So with this foundation and years of great men and women throughout the ages attempting to define and answer this great question there is little else I can add. But perhaps I can enlist the words of a few more great men who can distill these myriad answers to a take-home message that is a single kernel of light and truth for us all to grow from.

In his April 2010 general conference address, President Uchtdorf tried to drive that point home focusing a good portion of time on the fact that not just us but ALL are Children of God:
“I hope that we welcome and love all of God’s children, including those who might dress, look, speak, or just do things differently. It is not good to make others feel as though they are deficient. Let us lift those around us. Let us extend a welcoming hand. Let us bestow upon our brothers and sisters in the Church a special measure of humanity, compassion, and charity so that they feel, at long last, they have finally found home.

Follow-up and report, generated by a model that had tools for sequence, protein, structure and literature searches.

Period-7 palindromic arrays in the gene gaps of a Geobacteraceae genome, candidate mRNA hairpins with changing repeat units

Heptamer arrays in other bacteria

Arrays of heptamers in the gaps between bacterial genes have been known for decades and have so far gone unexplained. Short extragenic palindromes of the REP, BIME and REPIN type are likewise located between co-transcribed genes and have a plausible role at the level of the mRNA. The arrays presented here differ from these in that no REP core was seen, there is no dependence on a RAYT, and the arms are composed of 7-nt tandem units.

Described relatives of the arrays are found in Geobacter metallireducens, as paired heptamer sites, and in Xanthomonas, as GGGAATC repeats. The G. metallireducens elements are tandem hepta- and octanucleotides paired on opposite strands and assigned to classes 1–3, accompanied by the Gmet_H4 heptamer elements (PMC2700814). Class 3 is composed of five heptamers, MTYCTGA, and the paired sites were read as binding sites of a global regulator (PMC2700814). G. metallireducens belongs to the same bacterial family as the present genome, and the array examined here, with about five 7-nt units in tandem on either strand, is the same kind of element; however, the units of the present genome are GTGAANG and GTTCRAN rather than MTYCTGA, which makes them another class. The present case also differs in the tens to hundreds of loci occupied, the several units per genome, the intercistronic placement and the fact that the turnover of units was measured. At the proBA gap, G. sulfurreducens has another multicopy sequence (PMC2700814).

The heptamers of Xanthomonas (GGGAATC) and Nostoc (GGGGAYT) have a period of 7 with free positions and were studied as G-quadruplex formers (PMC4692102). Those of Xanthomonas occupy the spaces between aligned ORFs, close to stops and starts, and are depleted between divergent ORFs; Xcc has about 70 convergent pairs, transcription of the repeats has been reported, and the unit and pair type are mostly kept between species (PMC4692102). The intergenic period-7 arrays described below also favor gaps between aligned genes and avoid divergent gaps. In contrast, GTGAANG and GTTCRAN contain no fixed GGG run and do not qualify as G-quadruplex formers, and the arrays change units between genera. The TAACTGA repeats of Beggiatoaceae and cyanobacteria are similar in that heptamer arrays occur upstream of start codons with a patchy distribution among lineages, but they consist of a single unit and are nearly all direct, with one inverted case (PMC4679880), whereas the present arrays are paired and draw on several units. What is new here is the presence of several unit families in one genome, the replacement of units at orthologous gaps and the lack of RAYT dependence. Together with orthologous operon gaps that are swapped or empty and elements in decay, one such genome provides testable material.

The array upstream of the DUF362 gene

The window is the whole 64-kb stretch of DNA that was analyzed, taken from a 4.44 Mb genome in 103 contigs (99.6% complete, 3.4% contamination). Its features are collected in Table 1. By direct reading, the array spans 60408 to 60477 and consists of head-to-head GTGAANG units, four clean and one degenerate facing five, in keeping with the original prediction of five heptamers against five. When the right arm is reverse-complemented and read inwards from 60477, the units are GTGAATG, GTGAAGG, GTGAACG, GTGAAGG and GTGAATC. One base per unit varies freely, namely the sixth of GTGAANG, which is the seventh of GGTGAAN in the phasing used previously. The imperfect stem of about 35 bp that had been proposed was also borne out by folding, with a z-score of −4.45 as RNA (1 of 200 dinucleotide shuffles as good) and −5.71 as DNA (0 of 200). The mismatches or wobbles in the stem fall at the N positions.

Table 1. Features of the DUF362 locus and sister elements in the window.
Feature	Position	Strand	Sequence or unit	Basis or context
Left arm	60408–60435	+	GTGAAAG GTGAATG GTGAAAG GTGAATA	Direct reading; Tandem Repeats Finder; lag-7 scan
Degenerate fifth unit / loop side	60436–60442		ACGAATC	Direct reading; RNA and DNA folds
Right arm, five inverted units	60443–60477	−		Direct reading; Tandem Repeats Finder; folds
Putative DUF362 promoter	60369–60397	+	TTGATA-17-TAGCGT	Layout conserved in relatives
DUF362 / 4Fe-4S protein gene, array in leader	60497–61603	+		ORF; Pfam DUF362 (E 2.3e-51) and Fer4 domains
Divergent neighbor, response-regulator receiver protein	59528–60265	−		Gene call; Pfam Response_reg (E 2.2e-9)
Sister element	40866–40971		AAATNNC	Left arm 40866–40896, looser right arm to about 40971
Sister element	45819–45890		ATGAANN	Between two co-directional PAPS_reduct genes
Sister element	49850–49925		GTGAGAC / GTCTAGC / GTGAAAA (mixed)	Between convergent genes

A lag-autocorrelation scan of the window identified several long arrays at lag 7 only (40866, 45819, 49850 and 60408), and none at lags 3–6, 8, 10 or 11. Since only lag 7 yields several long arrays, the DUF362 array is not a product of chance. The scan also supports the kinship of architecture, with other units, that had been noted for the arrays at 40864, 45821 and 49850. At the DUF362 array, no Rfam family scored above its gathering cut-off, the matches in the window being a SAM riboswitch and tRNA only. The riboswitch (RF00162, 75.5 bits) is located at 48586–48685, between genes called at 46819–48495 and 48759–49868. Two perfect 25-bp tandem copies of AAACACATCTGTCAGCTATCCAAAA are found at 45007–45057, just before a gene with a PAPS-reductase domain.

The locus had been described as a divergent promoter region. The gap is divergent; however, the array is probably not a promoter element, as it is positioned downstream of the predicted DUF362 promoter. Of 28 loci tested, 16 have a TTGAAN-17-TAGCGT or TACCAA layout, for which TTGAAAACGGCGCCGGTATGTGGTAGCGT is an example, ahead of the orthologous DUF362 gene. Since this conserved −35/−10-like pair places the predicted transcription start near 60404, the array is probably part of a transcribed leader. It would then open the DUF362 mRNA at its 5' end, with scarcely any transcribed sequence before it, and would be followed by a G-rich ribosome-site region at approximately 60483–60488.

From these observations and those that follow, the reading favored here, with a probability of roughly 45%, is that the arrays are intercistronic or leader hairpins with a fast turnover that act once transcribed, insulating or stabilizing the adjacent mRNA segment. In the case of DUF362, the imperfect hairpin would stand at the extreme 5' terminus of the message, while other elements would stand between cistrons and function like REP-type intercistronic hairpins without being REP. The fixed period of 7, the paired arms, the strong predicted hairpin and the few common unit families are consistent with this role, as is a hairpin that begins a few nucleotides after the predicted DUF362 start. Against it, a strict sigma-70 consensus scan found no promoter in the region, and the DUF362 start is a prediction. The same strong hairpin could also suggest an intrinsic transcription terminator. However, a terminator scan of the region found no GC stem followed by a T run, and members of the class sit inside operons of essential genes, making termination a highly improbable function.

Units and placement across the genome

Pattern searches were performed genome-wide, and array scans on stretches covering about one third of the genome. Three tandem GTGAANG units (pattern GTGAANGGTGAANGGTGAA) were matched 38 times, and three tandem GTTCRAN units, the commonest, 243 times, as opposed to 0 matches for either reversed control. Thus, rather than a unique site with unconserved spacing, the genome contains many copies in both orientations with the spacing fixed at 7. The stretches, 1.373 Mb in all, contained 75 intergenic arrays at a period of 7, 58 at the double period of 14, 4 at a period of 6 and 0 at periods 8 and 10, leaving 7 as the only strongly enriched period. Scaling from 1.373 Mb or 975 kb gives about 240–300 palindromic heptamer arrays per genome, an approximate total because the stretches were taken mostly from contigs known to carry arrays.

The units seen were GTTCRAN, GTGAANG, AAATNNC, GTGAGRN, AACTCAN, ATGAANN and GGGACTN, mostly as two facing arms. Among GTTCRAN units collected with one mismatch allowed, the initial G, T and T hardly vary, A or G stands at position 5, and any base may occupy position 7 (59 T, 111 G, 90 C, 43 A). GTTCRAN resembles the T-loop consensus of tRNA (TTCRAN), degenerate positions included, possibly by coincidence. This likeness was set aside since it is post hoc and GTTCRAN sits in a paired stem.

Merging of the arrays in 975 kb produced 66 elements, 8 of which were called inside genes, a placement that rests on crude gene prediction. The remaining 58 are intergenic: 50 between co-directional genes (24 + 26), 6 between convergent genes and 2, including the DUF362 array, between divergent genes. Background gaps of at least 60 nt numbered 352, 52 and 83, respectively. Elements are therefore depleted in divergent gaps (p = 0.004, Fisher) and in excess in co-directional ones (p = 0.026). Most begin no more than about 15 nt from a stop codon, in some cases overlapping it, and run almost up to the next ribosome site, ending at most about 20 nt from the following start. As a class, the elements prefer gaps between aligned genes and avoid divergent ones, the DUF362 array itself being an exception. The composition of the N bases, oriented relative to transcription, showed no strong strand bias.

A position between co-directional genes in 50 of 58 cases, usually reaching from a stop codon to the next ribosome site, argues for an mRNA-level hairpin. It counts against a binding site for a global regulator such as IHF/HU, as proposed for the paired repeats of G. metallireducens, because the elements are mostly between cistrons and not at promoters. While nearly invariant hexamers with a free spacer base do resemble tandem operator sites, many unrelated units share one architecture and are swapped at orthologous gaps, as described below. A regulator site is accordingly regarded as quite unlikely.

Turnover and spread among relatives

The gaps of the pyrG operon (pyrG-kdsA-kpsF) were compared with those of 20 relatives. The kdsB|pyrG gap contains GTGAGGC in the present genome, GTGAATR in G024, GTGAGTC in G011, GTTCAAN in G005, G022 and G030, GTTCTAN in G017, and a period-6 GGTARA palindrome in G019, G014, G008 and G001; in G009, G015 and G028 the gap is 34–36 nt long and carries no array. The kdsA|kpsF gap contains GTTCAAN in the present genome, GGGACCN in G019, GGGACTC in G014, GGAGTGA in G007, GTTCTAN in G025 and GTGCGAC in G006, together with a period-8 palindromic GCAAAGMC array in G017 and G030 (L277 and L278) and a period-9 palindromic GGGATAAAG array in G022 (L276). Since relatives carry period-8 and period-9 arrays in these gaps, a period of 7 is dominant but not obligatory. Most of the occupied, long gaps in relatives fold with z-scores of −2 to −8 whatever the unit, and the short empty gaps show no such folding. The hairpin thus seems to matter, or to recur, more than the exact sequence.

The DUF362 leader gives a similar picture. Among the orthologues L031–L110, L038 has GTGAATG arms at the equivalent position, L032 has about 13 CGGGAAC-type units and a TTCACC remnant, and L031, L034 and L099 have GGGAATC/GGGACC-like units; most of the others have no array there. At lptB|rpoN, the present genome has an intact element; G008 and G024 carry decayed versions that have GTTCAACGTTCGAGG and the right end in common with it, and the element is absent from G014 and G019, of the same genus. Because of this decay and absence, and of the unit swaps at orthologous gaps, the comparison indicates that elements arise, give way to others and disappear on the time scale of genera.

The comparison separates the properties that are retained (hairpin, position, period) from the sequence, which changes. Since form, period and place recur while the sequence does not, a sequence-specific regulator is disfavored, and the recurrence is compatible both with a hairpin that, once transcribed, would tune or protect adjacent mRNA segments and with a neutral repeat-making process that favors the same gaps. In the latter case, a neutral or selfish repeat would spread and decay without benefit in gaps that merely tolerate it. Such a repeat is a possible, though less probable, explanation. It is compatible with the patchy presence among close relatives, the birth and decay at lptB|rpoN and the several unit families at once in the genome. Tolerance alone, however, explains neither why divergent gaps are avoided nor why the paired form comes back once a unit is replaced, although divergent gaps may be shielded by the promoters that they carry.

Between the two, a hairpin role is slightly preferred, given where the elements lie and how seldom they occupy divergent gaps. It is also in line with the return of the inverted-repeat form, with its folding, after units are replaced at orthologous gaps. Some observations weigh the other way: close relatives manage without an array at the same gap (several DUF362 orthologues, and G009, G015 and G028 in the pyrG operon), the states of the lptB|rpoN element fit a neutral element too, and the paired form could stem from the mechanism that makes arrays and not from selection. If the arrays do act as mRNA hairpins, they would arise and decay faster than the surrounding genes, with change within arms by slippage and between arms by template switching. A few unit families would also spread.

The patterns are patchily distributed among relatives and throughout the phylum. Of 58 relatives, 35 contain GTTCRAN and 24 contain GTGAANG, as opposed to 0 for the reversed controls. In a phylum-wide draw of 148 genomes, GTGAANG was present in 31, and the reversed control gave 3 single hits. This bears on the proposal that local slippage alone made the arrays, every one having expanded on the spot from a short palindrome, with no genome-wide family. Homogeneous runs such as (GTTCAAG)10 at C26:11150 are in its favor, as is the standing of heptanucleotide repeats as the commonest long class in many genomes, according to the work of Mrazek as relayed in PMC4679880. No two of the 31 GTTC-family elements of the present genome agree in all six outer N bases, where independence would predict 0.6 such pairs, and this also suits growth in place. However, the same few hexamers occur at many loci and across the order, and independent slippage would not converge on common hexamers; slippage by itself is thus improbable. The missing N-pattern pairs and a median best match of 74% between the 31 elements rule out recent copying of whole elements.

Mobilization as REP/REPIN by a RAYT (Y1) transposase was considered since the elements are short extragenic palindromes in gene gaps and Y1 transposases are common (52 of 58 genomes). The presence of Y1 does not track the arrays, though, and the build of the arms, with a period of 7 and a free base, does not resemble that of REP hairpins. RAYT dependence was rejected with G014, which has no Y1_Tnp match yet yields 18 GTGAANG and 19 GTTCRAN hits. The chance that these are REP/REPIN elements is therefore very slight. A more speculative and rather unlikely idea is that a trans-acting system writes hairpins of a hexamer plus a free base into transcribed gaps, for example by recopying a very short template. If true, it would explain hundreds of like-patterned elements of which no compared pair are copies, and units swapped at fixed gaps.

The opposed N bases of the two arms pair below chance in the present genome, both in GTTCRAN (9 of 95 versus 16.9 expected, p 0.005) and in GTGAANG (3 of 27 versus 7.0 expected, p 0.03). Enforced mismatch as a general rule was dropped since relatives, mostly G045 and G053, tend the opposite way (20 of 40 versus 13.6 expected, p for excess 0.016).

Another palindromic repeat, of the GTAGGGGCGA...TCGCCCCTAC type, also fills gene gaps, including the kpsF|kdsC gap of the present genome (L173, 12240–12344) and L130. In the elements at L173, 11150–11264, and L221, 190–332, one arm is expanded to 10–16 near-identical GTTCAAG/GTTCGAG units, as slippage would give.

In truth, we “all have sinned, and come short of the glory of God.” We are all in need of mercy. In that last day when we are called to the judgment bar of God, do we not hope that our many imperfections will be forgiven? Do we not yearn to feel the Savior’s embrace?

It seems only right and proper that we extend to others that which we so earnestly desire for ourselves.

I am not suggesting that we accept sin or overlook evil, in our personal life or in the world. Nevertheless, in our zeal, we sometimes confuse sin with sinner, and we condemn too quickly and with too little compassion. We know from modern revelation that “the worth of souls is great in the sight of God.” We cannot gauge the worth of another soul any more than we can measure the span of the universe. Every person we meet is a VIP to our Heavenly Father. Once we understand that, we can begin to understand how we should treat our fellowmen.

C.S. Lewis understood this principle and in arguably his most famous sermon said that we are all helping each other to either damnation or eternal glory and that quote: